Unmanned Systems

Army puts battlefield robots to the test

The Army, which like other military services has been working to increase the effectiveness of deployed troops on expeditionary missions, recently demonstrated a couple new technologies that will play a big part in the future of battlefield operations: robotics.

At an exercise called PACMAN-I, held at Marine Corps Training Area Bellows, Hawaii, soldiers tested a palm-sized personal unmanned aerial system called the PD-100 and an unmanned ground vehicle called MUTT, for Multipurpose Unmanned Tactical Transport.

The purpose is not just to enhance battlefield performance but also to assist rescue efforts.

"When we go to a place where there may be the need for us to do reconnaissance type work in a disaster area…they'll be able to use these systems that way," Tollie Strode Jr., senior project officer at Maneuver Center of Excellence Maneuver Battle Lab at Fort Benning, Ga. said in an Army release. "That isn't trying to find someone to shoot, that's trying to find someone to save."

One device tested was the PD-100 pocket-sized UAS, which researchers at the Natick Soldier Research, Development and Engineering Center in Massachusetts have been working on for several years. Researchers started with a commercial system, the Prox Dynamics' PD-100 Black Hornet, and adapted it for military use under its Cargo Pocket Intelligence, Surveillance and Reconnaissance, or CP-ISR, program.

The device is intended to give soldiers the kind of ISR they’re used from larger systems, but in constrained environments where those larger UAS might not work, such as in areas with thick tree cover, inside buildings or in densely packed villages.

A soldier operates the MUTT ground vehicle.

A soldier operates the MUTT ground vehicle.


The other robotic device tested during the two-week exercise was the MUTT, made by General Dynamics, a four-wheeled vehicle that can navigate steep slopes, sand, mud and water while carrying about 600 pounds of supplies. What’s more it’s quiet, which is an advantage in the field (noise is one reason the Army and Marines gave up, at least temporarily, on their robotic, though loud, “pack mule.”)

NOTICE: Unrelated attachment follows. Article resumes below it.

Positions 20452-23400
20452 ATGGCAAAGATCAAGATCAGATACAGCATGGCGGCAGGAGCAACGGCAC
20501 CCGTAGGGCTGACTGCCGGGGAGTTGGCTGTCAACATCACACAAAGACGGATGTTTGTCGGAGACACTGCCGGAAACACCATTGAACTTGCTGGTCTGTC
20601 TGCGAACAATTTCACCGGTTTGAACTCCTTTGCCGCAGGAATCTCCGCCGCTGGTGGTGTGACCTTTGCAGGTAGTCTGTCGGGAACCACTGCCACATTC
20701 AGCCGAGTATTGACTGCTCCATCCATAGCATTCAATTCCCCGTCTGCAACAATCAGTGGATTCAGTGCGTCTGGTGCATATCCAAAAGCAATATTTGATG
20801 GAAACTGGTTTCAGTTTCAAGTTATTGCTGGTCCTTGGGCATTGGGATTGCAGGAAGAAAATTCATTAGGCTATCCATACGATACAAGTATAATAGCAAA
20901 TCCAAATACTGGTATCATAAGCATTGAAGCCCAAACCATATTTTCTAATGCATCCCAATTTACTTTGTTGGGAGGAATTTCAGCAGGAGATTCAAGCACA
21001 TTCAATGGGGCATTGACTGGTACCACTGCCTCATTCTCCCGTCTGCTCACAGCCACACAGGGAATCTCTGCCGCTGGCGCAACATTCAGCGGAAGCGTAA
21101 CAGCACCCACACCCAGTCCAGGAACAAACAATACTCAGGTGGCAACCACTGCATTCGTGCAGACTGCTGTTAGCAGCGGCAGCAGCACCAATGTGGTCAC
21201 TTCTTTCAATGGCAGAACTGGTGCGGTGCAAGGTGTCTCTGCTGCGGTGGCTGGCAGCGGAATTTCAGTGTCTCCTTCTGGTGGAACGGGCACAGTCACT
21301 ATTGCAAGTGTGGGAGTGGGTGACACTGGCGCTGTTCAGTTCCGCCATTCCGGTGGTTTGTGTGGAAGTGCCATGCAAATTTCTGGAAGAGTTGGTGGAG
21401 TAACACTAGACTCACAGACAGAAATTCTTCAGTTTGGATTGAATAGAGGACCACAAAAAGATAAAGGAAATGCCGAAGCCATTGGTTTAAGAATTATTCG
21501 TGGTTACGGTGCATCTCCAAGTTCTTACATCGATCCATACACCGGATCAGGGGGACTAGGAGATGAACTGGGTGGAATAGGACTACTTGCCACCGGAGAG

Soldiers who used the MUTT said it was easy to operate, the Army said, although offered feedback on potential improvements,

"There are two different controls, one is used just by one hand and the other actually has a screen on it that controls the turret itself and the MUTT," said Spc. Cole Cumby. "I like working with it, there's a lot of good things about it, and there are things I'd change..."

The Army is hoping that te4sts such as PACMAN-I will not only help improve the products but also get them into the field more quickly. "We need to be making sure we're fielding new technology as quickly as we can," said Army Secretary Eric Fanning, who attended the exercises. "It doesn't do any good if we're just investing in great technology if we don't actually get it into the field for soldiers."

About the Author

Kevin McCaney is a former editor of Defense Systems and GCN.

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